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Ukraine, pro-Russia forces start first 2020 prisoner swap

US Rep. Ilhan Omar (D-MN) (L) talks with Speaker of the House Nancy Pelosi (D-CA) during a rally with fellow Democrats before voting on H.R. 1, or the People Act, on the East Steps of the US Capitol on March 08, 2019 in Washington, DC. (AFP photo)
This handout picture, taken and released by the Ukrainian presidential press service on April 16, 2020, shows Ukrainian prisoners during an exchange at the Mayorske checkpoint in Donetsk region, eastern Ukraine. (Via AFP)

The Ukrainian government and pro-Russia forces in eastern Ukraine have started the first prisoner swap in 2020 as part of measures aimed at easing tensions between Kiev and Moscow.

Ukraine’s presidential office announced on Thursday that Kiev would take back 19 of its citizens, without mentioning the number of prisoners it would return.

“The current release demonstrates the effectiveness of the president’s strategy and compliance with the agreements reached during the Normandy summit in December 2019,” the office said in a statement.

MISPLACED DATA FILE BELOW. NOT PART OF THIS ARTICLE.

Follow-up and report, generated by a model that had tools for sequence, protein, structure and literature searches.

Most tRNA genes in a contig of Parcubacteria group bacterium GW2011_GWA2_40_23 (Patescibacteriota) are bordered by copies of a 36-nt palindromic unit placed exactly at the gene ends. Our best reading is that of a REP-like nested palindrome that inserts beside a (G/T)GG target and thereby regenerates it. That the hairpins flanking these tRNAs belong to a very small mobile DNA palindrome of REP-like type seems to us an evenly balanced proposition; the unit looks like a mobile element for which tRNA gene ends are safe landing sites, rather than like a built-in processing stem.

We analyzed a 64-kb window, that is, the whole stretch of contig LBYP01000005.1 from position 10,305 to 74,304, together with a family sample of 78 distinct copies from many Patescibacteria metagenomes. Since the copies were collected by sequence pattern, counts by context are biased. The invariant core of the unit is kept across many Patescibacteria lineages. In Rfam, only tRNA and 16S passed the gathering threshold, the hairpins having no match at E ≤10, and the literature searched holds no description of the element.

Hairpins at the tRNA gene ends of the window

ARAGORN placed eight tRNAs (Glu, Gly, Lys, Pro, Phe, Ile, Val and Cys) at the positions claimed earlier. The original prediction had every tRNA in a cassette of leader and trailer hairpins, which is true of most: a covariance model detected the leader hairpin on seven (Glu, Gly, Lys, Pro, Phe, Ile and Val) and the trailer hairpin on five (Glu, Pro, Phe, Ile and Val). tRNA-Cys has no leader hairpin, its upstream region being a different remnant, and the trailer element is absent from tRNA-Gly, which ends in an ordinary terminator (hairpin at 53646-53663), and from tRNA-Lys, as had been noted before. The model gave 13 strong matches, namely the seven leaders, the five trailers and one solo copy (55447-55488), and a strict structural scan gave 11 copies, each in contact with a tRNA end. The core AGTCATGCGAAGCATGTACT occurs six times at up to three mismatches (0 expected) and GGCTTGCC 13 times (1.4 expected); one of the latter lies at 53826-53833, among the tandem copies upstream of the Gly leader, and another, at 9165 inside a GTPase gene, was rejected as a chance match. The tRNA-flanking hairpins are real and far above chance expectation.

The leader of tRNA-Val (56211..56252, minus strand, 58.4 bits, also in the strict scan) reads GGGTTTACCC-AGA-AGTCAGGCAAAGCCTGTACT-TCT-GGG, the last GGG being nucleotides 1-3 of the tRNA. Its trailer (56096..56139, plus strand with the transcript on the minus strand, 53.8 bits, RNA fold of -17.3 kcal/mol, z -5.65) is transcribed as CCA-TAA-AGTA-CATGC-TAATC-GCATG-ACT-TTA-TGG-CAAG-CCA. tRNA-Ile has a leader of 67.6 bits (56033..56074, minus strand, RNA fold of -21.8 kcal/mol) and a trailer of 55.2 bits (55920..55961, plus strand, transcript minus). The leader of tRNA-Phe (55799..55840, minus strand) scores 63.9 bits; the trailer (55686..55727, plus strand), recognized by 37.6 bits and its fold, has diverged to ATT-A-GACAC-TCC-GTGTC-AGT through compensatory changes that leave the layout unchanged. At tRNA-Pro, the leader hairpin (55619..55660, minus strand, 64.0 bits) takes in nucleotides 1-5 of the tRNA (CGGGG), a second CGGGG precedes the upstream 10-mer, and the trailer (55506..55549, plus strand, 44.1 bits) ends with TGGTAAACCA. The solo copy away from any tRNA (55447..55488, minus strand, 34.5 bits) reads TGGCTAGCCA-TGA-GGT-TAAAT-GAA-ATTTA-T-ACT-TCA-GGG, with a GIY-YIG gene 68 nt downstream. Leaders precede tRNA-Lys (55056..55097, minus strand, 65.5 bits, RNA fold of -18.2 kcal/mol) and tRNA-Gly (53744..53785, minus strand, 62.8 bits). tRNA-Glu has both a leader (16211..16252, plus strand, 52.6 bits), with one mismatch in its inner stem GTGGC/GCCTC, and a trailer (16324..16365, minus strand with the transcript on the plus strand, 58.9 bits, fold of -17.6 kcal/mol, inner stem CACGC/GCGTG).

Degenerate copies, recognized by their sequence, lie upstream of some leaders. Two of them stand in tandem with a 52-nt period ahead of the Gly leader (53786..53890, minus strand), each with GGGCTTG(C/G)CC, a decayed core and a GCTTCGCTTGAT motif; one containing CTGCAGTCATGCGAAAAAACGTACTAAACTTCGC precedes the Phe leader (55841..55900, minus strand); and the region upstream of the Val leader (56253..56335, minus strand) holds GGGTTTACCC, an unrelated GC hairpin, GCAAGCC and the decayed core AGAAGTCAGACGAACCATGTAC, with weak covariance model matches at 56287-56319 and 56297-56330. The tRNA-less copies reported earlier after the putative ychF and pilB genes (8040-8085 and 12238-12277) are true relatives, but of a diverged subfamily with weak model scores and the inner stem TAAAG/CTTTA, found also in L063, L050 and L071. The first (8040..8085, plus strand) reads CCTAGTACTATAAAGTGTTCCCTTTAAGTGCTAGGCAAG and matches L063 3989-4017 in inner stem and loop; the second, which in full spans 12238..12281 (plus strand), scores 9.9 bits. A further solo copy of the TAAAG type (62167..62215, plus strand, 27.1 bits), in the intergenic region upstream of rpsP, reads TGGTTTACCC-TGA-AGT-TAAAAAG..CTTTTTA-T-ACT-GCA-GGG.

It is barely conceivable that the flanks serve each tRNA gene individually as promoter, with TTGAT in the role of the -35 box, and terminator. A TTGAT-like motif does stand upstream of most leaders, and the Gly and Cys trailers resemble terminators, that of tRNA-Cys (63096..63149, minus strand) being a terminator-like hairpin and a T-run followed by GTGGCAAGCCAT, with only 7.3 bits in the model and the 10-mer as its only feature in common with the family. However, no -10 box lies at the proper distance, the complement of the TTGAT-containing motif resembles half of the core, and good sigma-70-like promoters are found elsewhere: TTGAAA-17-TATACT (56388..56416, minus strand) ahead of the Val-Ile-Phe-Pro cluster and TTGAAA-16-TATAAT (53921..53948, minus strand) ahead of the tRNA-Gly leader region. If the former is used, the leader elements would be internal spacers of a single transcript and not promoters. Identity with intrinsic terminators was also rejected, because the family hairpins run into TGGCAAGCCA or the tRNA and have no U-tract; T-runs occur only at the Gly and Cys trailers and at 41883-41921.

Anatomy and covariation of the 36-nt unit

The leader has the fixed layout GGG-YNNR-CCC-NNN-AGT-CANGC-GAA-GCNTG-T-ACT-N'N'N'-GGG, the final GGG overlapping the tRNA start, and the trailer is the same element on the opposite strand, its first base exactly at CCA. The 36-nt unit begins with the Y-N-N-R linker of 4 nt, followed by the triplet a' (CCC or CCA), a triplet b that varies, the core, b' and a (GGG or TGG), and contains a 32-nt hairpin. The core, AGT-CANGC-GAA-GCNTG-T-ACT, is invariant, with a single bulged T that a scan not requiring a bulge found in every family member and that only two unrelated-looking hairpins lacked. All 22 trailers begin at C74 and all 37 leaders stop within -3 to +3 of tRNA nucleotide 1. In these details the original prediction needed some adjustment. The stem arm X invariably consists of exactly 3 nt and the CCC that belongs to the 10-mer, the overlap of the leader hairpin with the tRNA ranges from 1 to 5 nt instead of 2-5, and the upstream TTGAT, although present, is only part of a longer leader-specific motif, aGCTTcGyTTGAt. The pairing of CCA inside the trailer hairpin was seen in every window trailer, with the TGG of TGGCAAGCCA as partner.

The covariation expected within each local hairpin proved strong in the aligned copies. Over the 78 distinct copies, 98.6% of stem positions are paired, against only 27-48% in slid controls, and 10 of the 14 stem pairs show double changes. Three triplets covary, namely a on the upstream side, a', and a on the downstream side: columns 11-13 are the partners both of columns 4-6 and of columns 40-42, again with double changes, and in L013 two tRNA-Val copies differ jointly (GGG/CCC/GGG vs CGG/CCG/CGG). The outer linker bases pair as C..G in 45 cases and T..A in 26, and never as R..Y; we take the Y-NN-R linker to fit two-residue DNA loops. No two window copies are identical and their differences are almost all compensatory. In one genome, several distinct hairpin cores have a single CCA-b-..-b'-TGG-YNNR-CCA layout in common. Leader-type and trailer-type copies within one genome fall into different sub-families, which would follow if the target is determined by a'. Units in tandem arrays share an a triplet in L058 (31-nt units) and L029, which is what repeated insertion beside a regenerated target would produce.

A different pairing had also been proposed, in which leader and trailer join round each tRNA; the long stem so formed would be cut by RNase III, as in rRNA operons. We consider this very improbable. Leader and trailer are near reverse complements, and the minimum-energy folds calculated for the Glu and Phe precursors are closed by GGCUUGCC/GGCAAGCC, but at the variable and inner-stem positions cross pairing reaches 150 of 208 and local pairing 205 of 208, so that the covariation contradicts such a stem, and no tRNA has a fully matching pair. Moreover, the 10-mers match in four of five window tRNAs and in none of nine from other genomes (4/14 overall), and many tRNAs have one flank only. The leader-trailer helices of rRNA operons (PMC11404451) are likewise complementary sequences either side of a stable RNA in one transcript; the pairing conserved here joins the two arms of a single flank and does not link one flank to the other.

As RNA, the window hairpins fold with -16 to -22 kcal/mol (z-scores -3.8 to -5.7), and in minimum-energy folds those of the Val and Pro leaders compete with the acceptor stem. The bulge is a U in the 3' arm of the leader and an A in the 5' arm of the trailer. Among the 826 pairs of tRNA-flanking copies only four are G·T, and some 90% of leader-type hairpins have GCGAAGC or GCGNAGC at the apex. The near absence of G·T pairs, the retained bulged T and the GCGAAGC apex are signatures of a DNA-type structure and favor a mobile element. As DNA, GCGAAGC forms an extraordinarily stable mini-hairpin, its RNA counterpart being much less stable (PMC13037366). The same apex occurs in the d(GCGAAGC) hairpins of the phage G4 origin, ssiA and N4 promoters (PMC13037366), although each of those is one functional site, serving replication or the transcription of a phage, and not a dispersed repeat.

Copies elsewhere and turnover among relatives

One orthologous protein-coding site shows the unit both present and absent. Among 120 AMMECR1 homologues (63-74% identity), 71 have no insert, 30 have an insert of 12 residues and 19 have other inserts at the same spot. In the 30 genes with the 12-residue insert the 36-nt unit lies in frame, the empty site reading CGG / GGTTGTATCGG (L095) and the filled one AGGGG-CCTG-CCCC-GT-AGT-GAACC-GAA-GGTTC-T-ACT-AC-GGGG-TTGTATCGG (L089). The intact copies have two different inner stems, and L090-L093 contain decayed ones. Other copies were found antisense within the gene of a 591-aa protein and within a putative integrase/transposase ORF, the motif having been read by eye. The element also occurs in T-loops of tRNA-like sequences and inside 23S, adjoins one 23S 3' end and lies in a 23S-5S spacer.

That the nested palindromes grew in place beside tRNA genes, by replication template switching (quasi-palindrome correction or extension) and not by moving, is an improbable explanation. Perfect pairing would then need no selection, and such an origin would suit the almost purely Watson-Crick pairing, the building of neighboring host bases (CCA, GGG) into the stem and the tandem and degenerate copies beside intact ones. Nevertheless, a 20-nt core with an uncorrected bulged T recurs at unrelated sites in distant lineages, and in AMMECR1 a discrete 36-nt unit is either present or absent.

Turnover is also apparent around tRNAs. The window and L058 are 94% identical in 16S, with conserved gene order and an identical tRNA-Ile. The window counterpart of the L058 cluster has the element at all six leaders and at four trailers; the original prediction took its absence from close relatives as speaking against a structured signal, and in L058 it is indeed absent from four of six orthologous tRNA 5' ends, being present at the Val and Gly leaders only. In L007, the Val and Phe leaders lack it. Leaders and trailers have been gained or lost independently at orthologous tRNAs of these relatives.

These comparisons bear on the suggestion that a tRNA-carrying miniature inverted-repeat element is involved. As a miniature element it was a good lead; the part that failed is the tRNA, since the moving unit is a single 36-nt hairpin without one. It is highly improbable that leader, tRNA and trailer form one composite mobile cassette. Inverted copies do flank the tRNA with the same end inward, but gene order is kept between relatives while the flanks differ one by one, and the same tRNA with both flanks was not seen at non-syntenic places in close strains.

In December last year, the representatives of the Kiev government and the pro-Russia forces in Ukraine agreed to carry out an exchange.

The agreement came after Russian President Vladimir Putin and his Ukrainian counterpart, Volodymyr Zelensky, held their first face-to-face talk at a Paris summit in the same month and agreed to “commit to a full and comprehensive implementation” of a ceasefire in eastern Ukraine by the end of December and proceed with a new withdrawal of forces from conflict zones by March 2020.

Zelensky said at the time that he expected all the 72 Ukrainian prisoners held by the pro-Russians to return home before year’s end.

Russia and Ukraine last swapped prisoners in September 2019, the first such exchange in two years.

The full release of the prisoners appears to pave the way for the restoration of relations between the two countries after a nearly five-year hiatus over the conflict.

Relations between Moscow and Kiev deteriorated in 2014, when the Black Sea peninsula of Crimea joined Russia following a referendum.

An armed conflict then broke out in Ukraine’s east between the government and allied militia on the one side and pro-Russians on the other.

The conflict has killed more than 13,000 people since April 2014.

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